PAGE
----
"Clear set of guidelines": the Revd Susan Booys and the Rt Revd Christopher Hill


Jane Bisson (Channel Islands) suggested that the speed at which women clergy were trying to climb the ladder was unworthy. Equally, she found the prospect of a third province unthinkable; and dreaded what would happen if the Church were not to remain in communion at all. "We still need to come back to God's creative heart when he made man and woman," she said.

God would be distressed to see what they in the Church were doing to one another in this quest for justice and equality. TEA seemed to be born out of desperation. "It is enough to bring me to tears - to see the Church tearing itself apart, all for the sake of the female of the species."

The Bishop of Chichester, the Rt Revd John Hind, said the Church could not have it both ways: it was either a Church that had women bishops, or a Church that hadn't. He would be keen to support a single-clause Measure if it could be preceded by consensus and a high degree of agreement; but that was not the case.

It was clear that a Code of Practice would not be sufficient. TEA was not perceived as the last word, but as a basis for accommodation of the kind of Church the Church of England was, he said. These questions were still to be sorted out: some had interpreted last July's vote as a vote in principle for women bishops, but the majority did not believe that was what had been debated. TEA might be a more fitting way forward, but the debate was still adversarial in its approach: if it were not derailed by this issue, there would be another one.


"No consensus": the Rt Revd John Hind, Bishop of Chichester

Canon Professor Anthony Thiselton (Southwell) said his spirits had been lifted by the Guildford report. While he was depressed by the predictability of many of the presentations he had heard, the report opened the door to a fresh area of debate. He quoted St Paul as saying that, however strong rights were, if they damaged those for whom Christ had died they should be forgone.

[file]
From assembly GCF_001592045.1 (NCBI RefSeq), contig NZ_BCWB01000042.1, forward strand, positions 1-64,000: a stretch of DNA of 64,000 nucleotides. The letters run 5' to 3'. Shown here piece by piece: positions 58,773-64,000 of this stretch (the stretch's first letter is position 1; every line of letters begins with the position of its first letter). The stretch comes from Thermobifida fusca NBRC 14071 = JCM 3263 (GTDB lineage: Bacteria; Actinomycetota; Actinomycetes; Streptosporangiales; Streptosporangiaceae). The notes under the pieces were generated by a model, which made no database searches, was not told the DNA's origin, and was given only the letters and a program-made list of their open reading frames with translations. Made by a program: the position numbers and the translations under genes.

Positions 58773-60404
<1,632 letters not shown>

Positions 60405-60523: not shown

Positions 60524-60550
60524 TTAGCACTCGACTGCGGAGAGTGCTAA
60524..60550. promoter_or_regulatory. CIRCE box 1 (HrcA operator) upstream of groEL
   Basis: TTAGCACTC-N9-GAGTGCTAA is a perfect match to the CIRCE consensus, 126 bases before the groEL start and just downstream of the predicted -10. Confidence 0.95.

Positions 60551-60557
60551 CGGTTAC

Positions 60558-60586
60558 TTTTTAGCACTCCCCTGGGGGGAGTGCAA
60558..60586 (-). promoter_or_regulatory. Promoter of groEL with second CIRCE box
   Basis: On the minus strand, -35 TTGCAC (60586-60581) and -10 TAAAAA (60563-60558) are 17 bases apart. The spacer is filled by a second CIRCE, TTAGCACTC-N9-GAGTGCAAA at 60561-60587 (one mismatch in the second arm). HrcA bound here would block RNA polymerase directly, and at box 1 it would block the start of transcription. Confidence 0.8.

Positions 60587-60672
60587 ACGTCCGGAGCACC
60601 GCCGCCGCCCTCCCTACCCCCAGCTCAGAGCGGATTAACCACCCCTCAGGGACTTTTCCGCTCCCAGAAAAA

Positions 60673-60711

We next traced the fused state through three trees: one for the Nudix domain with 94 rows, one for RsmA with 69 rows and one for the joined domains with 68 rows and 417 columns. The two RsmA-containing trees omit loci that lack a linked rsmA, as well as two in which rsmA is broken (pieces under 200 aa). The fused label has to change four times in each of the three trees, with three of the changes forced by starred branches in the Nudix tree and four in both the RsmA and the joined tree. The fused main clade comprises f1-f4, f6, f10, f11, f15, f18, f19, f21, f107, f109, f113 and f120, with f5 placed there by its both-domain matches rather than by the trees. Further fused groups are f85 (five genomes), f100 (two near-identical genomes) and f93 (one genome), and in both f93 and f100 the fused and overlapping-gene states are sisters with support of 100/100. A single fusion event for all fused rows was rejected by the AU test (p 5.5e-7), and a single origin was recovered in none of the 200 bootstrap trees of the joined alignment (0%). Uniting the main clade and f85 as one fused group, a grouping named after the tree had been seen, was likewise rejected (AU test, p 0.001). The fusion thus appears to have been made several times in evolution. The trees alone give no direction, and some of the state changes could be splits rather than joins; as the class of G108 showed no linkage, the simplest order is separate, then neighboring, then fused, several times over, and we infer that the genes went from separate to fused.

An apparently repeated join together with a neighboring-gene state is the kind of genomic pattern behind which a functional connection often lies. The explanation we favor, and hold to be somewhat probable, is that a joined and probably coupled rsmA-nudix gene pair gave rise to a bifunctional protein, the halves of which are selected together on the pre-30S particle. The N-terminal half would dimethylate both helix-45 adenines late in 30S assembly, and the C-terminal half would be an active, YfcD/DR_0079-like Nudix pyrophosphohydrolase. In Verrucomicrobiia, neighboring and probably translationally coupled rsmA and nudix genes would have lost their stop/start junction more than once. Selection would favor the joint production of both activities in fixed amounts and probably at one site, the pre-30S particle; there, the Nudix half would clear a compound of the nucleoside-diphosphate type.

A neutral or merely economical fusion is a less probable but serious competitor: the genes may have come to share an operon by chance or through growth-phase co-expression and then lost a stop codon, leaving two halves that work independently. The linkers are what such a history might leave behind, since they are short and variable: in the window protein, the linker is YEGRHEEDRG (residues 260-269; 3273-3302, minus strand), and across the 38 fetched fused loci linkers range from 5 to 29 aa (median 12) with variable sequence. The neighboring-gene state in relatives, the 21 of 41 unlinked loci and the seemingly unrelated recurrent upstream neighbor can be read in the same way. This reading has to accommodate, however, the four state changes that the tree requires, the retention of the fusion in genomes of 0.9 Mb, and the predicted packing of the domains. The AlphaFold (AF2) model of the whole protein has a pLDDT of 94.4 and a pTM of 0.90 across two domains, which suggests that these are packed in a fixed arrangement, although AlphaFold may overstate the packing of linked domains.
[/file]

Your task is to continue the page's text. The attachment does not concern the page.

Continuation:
The present situation was a close parallel to this. Neither a single-clause Measure nor a third province would do: they should both give way to TEA. The Church was fallible, he said, "and we shan't know until the Last Judgement whether we were right; we just don't know how this will work."

One could argue from Christology and the atonement. Jesus refused the Devil 's offer of a quick fix, but chose the painful way forward in accordance with God's will. The atonement was an anomalous act, but sometimes it took an anomaly to put right an anomaly.

The Revd Mary Bide (Oxford) said that, as precentor of a cathedral, she had been struck by the fact that even those who could not accept the ordination of women respected her authority as precentor. Her concern about TEA was that the authority accorded a bishop could change according to the gender of the office-holder. While it was necessary to work with sensitivity with those who could not accept women in the episcopate, nothing must be done to undermine the authority of a bishop, regardless whether the bishop was male or female.

The Revd Paul Benfield (Blackburn) said that he could not believe that the Church had the authority to introduce women bishops. But if it did, those opposed must be protected and secure, and anything less than a Measure enforceable in law would not do. He welcomed the rejection of the one-clause Measure, but any question of passing a Measure that referred to a Code of Practice to be drafted later would not be sufficient. Such a delay would be unacceptable to both proponents and opponents of women bishops.

Oversight involved aspects of jurisdiction, he said, including the selection of ordinands and pastoral reorganisation; and he welcomed the fact that jurisdiction was central to the issue. But would a PRB have jurisdiction? "Shared jurisdiction is not jurisdiction at all." He thought the report was apt to muddle jurisdiction with the merely functional.

The Revd Angus MacLeay (Rochester) suggested that the conservative Evangelical voice had been largely ignored over the past ten years in the Church of England, and needed to be heard. No conservative Evangelical bishop had been appointed: the "hatches have been battened down and carefully sealed." On issues such as order within the Trinity, a model for relations within marriage and ministry, or issues of order within New Testament ministry, the Church of England was opening more doors that caused problems - over homosexuality, for instance.

These two areas had not been addressed in the debate. The Church would need the voice of the conservative Evangelicals in the years ahead, and they wanted space within the Church to get on with their task of preaching the gospel.